Previously, surgeons only had their individual skills to rely on. Now that has been transformed by high-tech in the surgical theater: teamwork is led by Japanese medical science and middleware technology.

The interior of Hyper SCOT at Tokyo Woman’s Medical University, equipped with leading-edge technology, including a robot bed, open MRI, and organic electroluminescent lighting. More than twenty medical devices are networked via OPeLiNK, forming a futuristic space resembling an aircraft pilot’s cockpit.


 The world debut is soon coming for the futuristic Smart Cyber Operating Theater (SCOT®), in which Japanese technology companies bring their expertise, such as utilizing the Internet of Things (IoT), to the site of leading-edge medical practice. When the medical devices and equipment in an operating theater are connected and linked to a network, vast amount of data concerning the progress of the operation and the patient’s condition can be comprehensively processed to improve the precision and safety of the surgical procedure.
 SCOT is an advanced system that integrates an open MRI scanner and a Surgical navigation system with other medical devices used during surgery, such as a rapid diagnostic test system, a 4K3D microscope monitor, and a surgeon’s cockpit. A prototype was constructed in 2016, and a fully-networked standard model was announced last year. This year, Hyper SCOT, the newest version, designed to incorporate advances in robotics and AI, became available for clinical research at Tokyo Women’s Medical University, whose staff used the newly integrated system for the first time to conduct a brain surgery in February, with successful results that confirm the value of this approach.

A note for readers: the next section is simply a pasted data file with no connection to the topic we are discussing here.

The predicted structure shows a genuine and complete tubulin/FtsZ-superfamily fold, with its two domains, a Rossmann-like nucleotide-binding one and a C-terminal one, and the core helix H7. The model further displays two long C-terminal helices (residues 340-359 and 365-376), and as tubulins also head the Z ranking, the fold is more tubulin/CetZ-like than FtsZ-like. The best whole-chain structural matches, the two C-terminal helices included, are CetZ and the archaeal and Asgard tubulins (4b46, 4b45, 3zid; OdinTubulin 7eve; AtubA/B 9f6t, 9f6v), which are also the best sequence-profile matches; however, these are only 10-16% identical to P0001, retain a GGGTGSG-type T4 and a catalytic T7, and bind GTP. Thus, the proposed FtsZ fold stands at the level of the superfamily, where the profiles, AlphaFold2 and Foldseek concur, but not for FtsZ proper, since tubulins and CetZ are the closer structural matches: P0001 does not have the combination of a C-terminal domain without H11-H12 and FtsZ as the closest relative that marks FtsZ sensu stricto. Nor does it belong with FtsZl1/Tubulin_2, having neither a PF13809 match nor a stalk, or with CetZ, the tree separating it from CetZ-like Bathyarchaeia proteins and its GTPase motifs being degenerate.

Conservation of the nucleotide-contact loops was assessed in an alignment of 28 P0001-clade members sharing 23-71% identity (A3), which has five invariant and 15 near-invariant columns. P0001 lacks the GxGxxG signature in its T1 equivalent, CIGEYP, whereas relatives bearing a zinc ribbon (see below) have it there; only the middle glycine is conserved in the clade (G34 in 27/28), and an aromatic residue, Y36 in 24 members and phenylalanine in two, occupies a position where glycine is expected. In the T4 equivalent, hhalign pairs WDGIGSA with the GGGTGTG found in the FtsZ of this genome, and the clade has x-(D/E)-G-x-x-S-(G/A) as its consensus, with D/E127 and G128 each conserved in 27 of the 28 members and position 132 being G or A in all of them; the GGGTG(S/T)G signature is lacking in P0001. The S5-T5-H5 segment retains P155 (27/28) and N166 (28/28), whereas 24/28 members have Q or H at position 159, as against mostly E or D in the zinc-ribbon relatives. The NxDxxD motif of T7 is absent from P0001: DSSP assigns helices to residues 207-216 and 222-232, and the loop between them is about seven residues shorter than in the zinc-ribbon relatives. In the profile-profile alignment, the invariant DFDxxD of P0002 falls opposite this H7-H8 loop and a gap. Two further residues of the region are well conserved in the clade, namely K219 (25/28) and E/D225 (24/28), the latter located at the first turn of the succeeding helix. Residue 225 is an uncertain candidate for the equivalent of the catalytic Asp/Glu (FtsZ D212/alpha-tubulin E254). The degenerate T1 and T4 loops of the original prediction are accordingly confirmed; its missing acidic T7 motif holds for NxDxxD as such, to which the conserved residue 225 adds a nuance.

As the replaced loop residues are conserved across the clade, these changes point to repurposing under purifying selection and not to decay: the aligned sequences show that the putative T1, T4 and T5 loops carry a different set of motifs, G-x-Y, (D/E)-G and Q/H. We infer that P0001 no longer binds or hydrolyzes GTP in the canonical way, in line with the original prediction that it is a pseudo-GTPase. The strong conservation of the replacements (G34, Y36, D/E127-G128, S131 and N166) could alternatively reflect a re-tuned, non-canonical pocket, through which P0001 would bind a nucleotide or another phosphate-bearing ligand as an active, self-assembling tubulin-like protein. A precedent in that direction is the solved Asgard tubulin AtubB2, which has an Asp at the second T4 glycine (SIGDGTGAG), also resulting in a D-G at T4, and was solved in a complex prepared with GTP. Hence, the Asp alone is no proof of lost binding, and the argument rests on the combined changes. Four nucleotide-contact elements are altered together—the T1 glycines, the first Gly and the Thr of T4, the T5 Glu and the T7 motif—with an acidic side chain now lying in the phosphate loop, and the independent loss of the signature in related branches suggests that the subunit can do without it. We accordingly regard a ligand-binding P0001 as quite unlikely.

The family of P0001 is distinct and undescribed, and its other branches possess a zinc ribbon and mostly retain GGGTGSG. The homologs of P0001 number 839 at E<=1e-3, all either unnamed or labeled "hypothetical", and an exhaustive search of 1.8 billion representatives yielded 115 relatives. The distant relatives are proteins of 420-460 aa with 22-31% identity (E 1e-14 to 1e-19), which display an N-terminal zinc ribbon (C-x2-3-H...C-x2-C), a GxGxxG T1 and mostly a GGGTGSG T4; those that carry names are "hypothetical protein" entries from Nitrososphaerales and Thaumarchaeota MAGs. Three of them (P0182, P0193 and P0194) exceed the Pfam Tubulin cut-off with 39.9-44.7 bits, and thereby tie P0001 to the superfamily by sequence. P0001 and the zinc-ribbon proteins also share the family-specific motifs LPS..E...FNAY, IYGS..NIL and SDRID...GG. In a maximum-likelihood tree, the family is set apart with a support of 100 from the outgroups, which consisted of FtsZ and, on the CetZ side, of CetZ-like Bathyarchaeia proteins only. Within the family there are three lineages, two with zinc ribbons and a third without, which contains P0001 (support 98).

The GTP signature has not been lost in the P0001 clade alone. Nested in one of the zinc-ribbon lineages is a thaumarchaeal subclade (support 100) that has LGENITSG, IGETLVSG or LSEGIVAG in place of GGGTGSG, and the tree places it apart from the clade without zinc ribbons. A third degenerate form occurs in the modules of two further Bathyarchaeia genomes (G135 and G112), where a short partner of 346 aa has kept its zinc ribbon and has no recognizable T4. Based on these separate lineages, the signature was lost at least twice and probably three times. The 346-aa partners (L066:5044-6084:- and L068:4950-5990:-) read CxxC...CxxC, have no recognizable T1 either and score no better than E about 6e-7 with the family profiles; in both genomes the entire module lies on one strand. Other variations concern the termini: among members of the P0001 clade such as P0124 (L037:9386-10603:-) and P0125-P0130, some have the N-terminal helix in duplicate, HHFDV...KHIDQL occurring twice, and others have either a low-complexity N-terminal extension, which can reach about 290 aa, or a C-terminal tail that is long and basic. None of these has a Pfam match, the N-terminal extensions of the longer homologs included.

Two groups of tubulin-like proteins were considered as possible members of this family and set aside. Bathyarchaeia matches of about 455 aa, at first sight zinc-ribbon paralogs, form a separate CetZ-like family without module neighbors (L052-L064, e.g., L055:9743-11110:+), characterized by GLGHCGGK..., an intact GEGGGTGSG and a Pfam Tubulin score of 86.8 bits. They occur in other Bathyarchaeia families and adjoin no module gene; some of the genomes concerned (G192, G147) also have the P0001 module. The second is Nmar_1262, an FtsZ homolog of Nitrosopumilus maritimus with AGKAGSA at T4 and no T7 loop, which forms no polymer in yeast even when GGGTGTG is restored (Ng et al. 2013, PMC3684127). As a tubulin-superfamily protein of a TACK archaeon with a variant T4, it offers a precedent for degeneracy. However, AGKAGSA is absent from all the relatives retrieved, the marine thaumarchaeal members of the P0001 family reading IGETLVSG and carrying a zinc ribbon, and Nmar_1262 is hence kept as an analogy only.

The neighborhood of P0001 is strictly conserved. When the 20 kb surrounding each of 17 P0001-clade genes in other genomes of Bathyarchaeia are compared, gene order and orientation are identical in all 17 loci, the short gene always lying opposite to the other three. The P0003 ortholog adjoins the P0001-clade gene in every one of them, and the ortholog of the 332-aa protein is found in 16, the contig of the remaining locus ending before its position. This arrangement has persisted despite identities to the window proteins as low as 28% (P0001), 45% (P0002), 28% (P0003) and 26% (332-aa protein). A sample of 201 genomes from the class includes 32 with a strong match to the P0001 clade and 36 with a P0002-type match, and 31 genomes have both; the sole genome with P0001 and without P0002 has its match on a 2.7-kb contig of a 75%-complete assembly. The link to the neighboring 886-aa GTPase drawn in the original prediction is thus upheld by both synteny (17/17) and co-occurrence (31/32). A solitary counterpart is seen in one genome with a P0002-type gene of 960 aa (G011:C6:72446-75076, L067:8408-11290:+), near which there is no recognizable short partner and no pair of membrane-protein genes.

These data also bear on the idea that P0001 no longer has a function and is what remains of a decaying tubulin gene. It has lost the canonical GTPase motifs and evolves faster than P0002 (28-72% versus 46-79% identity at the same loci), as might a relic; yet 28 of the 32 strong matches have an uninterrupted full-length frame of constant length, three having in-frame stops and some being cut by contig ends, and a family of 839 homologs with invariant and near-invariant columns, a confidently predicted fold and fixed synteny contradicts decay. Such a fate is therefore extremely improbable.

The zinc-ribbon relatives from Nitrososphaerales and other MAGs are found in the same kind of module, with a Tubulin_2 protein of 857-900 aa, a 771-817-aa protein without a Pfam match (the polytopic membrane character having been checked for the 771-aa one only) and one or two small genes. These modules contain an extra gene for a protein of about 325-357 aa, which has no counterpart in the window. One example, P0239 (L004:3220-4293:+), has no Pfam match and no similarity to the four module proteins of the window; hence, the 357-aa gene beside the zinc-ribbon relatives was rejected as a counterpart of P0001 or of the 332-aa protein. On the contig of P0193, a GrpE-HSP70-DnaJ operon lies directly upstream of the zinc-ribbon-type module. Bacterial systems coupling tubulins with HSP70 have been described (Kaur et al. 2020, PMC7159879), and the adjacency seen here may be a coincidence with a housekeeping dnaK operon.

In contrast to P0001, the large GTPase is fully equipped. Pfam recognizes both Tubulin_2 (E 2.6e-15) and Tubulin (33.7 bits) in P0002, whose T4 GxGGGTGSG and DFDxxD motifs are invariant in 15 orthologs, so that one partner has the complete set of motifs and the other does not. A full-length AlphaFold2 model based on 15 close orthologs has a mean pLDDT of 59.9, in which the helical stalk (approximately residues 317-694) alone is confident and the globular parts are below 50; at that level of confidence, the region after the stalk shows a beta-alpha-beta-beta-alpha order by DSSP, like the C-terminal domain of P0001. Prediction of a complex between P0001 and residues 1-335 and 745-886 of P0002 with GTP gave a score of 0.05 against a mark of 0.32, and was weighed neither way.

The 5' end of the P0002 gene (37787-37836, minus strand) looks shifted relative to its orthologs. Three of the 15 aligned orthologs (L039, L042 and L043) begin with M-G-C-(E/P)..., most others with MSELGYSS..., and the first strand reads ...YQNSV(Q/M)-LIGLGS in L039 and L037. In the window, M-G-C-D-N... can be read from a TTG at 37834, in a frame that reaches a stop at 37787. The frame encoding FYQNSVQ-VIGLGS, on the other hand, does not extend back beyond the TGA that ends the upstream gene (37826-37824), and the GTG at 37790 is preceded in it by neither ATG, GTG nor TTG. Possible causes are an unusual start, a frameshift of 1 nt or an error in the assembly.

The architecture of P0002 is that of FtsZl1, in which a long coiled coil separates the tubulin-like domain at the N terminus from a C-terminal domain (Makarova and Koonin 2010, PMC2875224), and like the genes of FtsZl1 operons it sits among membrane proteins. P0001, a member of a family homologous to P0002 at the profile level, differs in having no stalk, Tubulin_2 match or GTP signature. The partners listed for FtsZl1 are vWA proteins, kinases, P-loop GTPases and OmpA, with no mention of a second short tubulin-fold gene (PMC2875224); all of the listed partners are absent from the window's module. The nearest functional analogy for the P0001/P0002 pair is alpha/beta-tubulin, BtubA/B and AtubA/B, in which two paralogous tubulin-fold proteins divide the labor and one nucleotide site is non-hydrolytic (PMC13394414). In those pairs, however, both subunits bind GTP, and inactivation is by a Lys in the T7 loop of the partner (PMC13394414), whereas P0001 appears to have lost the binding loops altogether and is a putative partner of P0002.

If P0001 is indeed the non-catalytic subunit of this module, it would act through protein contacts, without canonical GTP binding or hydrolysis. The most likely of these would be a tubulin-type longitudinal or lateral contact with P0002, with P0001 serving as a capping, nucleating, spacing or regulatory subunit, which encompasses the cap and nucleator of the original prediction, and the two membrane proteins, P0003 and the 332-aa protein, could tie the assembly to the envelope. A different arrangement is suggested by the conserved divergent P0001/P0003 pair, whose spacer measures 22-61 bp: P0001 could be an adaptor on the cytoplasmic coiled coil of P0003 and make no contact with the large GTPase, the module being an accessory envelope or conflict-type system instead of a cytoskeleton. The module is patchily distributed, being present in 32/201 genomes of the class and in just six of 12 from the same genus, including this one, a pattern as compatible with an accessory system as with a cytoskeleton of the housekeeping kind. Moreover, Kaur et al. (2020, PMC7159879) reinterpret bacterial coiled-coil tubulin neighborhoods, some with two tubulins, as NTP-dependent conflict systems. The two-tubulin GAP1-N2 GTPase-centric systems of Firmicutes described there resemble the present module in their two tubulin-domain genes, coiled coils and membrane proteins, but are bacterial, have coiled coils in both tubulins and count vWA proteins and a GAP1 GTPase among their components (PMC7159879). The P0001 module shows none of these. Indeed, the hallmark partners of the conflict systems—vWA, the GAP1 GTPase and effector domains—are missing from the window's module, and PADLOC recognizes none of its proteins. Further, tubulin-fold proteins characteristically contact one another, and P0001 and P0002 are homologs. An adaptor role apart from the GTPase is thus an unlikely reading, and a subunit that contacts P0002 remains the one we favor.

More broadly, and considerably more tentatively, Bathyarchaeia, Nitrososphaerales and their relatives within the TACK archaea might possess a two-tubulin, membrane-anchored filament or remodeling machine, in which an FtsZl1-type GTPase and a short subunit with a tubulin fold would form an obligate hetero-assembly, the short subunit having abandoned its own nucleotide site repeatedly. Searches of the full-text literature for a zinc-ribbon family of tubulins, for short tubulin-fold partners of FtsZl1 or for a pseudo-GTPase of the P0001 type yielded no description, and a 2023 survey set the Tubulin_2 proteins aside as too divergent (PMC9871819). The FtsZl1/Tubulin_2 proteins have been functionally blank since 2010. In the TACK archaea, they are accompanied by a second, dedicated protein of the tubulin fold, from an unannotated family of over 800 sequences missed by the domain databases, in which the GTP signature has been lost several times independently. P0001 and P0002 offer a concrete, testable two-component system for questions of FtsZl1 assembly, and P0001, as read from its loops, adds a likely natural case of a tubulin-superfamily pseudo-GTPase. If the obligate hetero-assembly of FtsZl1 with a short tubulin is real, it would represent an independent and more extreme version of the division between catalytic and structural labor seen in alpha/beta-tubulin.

Professor Yoshihiro Muragaki of the Faculty of Advanced Techno-Surgery at the Tokyo Women’s Medical University, explains the significance of the break-through.
 “Until now, operating theaters have been full of equipment working independently of each other, and data obtained from monitoring the patient, images of the surgical field, and the operating condition of the devices have been displayed without reference to each other, but with SCOT, all the data generated during surgery are synchronized on the same time axis. The data can then be shared over a network in real time with a Surgical strategy desk, enabling diagnose by third parties. The system accommodates telemedicine, allowing even a relatively inexperienced physician to perform advanced surgical procedures under the guidance of a fully-experienced physician.”


Ultra high-definition 4K monitors showing comprehensive information from various medical devices within the SCOT theater. The surgery navigation screen, along with ECG (electrocardiogram) and other physiological data, can be shared with distant medical centers.